Discover the latest updates on Ukraine in trending World News as of May 15, 2016. Ukraine have won Eurovision 2016 with a political serious song about something with intense personal meaning to the singer, Jamala.
Jamala, the Ukrainian entry, won the competition with her personal, dramatic ballad 1944. Speaking with tears in her eyes, 26 year old Maryana Romanyak said: “It’s a miracle and a dream.” (BBC News, Steve Holden)
Russian and Ukrainian media have reacted with astonishment – and a mixture of delight and dismay – to Ukrainian contestant Jamala’s victory in the Eurovision Song Contest. Many Ukrainian commentators see it as a blow for the rights of Crimean Tatars like Jamala, while Russian social media is full of denunciations of a “politicised” result. (BBS News)
KIEV, Ukraine – Crimean Tatars on Sunday celebrated Ukrainian singer Jamala’s win at Eurovision with a song that sheds light on their horrific deportations to Central Asia under Soviet dictator Josef Stalin but also hints at their recent treatment under Russian President Vladimir Putin. (Associated Press, Dmytro Vlasov)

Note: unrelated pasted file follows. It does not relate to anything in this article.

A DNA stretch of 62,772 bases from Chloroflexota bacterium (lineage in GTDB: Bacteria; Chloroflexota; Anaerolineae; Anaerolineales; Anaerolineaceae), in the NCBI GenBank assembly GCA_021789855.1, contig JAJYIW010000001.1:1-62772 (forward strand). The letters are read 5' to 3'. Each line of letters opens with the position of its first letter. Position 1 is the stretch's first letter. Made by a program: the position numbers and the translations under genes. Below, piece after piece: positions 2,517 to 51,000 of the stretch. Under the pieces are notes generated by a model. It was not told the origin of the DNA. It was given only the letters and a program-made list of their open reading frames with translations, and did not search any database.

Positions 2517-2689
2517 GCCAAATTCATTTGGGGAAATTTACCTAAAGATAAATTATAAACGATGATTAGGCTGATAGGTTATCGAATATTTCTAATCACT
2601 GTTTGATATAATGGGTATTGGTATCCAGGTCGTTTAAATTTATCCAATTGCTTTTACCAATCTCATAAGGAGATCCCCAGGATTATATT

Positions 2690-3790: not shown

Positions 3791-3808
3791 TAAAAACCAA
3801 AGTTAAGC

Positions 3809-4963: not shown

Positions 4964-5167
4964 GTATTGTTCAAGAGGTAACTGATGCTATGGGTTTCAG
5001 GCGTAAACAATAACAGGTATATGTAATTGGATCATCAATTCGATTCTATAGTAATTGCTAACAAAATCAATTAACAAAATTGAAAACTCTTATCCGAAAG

Ukraine won, with a well-meant dirge about a murdered grandmother. There may have been some Russia-hating in play. Australia or Sweden should have won, but don’t at the moment enjoy such interestingly divisive politics. (The Guardian, Euan Ferguson)
In the run-up to the contest, Russia complained that Ukraine shouldn’t be allowed to sing this particular song, as Eurovision generally bans overtly political songs, not least when they have contemporary resonances like this. (The Telegraph)
“Actually, I really want peace and love to everyone,” Jamala said as she took the stage after winning the award. With tears in her eyes, she then performed the song again. (The New York Times, Christopher D. Shea)
Mariya Nesheva, EMPR